Review: Five years with CENS ProFlex electronic earplugs


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76 shares, 68 points

This set of CENS ProFlex digital earplugs has had a thorough workout over more than five years so I’m very confident in saying they’re a bloody good investment in hearing protection. 

The quality still lasts long after the price has been forgotten and that’s saying something because they cost a lot back then — about the same as you’ll pay for the current CENS plugs that are significantly improved. 

I think I paid around $1200 for them but I really can’t remember exactly. It’s the price you pay for being an early adopter but I do not regret forking out all that money because these are the most comfortable and practical hearing protection I’ve ever had.

And they work extremely well. 

CENS ProFlex Digital review
The CENS ProFlex digital earplugs are small and comfy, making them a practical form of hearing protection

They consist of a pair of custom-moulded ProFlex plugs with electronic noise control units inserted into them. 

The plugs block income sound, protecting your ears. The electronic units have tiny microphones outside and speakers inside to let the sounds in again. The crucial part, though, is that the instant a gun goes off nearby, the electronics shut down, excluding the deafening report. 

An instant later they start transmitting sound again and you can hear normally. 

It’s all tried and proven technology that allows you to spend time on the range or out hunting without compromising your hearing or your situational awareness. You can have a conversation, hear game coming and hear warnings while having gunshots filtered out. 

CENS ProFlex Digital in use in shooter's ear
Packaging has changed a bit but the current CENS ProFlex series still comes with accessories in a quality case

It’s so seamless in effect you don’t even notice it, even mid-chat. 

The actual noise reduction, or attenuation, of the CENS ProFlex units is an average of about 25dB, ranging from 28dB in the higher frequencies of sound, though 21dB in the middle to 19dB in the low frequencies. 

True, you can do a little better with high-end earmuffs, but this is still excellent hearing protection for shooters. 

And talk about comfortable. I’ve worn them from dawn till dusk on some stalks, with only brief intervals, and apart from getting slightly sweaty inside my ears I had no discomfort. They’re a lot better than wearing muffs all day. And they don’t get in the way of hats, rifle butts or anything else. 

CENS ProFlex Digital in use in shooter's ear
The CENS ProFlex earplugs consist of the custom-fitted plugs and the digital control unit

This old set doesn’t have quite the list of features of the latest equivalent, which is the CENS ProFlex DX3. The DX3 offers 10 volume levels changed by pushing a button (my older ones have a tiny dial that I believe could be unreliable, though mine still works).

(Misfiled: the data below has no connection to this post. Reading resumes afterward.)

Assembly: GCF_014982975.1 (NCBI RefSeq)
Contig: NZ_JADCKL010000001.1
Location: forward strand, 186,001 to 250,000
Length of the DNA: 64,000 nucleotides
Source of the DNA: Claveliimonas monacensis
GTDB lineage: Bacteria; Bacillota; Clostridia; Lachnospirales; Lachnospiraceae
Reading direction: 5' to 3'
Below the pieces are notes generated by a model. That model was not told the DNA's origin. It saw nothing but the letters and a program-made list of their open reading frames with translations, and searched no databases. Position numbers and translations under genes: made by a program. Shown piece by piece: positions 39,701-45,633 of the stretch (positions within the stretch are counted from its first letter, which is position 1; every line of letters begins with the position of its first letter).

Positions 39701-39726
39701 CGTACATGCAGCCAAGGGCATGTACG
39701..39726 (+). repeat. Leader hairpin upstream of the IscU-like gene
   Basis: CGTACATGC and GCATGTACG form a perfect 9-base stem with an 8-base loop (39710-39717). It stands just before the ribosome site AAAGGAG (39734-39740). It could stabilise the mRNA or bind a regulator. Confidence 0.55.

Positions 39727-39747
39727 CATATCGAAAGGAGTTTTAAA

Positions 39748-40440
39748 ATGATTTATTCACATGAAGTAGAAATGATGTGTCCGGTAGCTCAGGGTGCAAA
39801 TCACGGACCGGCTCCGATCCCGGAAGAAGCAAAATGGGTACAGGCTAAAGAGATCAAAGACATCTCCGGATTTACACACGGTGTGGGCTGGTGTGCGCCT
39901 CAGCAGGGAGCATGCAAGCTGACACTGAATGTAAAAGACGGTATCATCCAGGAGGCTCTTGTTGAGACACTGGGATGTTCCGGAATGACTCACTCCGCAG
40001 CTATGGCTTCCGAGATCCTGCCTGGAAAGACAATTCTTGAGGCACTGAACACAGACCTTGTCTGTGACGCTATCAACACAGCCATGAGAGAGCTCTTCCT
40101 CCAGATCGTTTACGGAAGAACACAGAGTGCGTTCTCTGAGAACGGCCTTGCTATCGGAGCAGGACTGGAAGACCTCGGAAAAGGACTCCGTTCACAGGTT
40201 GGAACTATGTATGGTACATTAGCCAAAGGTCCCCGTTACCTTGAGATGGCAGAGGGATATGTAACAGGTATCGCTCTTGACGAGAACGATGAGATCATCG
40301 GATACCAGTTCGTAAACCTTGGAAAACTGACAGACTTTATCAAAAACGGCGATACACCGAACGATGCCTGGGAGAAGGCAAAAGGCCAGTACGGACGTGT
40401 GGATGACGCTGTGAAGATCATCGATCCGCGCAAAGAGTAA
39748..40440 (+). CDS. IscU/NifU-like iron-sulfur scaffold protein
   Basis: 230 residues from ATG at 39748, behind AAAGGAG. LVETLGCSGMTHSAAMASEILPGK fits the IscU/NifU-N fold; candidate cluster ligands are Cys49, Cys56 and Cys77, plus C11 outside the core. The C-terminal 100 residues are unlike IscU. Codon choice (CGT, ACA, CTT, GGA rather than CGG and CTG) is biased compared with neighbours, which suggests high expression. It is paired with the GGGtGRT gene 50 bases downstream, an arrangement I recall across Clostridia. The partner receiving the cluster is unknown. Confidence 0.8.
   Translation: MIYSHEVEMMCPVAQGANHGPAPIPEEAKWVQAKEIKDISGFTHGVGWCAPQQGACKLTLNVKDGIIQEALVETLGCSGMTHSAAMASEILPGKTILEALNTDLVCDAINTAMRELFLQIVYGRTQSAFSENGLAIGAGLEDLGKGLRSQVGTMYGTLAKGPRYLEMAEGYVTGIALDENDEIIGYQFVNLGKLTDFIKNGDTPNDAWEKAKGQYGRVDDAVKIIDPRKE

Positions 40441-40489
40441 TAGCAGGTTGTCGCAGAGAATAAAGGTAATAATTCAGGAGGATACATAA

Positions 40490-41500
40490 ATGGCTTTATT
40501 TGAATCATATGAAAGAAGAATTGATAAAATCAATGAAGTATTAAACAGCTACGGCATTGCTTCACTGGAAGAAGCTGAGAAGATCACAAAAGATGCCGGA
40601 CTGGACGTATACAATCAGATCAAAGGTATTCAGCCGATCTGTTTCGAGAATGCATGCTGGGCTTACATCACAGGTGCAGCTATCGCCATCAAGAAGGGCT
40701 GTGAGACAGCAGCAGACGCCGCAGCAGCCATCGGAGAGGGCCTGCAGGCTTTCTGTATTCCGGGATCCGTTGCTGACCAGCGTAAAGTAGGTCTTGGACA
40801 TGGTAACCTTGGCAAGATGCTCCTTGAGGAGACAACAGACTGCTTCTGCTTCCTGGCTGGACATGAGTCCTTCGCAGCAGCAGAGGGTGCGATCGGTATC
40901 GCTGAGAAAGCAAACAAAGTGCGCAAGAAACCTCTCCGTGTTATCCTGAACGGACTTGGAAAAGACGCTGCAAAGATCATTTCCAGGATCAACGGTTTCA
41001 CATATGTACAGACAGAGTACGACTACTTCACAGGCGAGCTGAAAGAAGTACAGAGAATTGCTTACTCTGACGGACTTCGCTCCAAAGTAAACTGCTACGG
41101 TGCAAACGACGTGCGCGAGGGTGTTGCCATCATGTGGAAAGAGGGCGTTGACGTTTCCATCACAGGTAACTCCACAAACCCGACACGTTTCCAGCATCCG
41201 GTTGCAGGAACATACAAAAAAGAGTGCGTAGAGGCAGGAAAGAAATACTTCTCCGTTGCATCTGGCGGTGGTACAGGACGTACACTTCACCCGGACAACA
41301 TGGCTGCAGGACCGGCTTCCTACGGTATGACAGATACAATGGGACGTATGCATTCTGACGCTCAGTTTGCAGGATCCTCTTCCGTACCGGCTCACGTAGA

It also has three modes: one designed for hunting; another for clay target shooting when there are lots of shots going off regularly; and another for ‘tactical’ situations or busier ranges with constant shooting. 

There’s a wind-reduction algorithm programmed in to reduce wind noise. In mine it is adequate but wind still ruffles through; I’m not sure if it is improved. 

CENS ProFlex Digital in use in shooter's ear
Where the magic happens: The electronic unit offers volume control and different modes for various shooting situations

The latest CENS claim up to 400 hours of battery life, which is more than I usually get from these older ones. 

The DX3 costs $1099 and sits between the $759 DX1 and $1299 DX5.

I don’t use my CENS exclusively — sometimes muffs are the easier option — but I use them more than anything else. I must have used them hundreds of times now and they’re still as good as ever, having outlasted some earmuffs along the way.   

So while the initial cost is high, the value is definitely there. 

CENS distributor Earmold Australia makes the custom moulds, assembles the units and sends them out, usually in less than a fortnight. All you have to do is send an impression from your ears, which can be done by a local audiologist or one of the 80 providers listed on the Earmold website; the impression can even be emailed as a 3D scan.


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Mick Matheson

Mick grew up with guns and journalism, and has included both in his career. A life-long hunter, he has long-distant military experience and holds licence categories A, B and H. In the glory days of print media, he edited six national magazines in total, and has written about, photographed and filmed firearms and hunting for more than 15 years.

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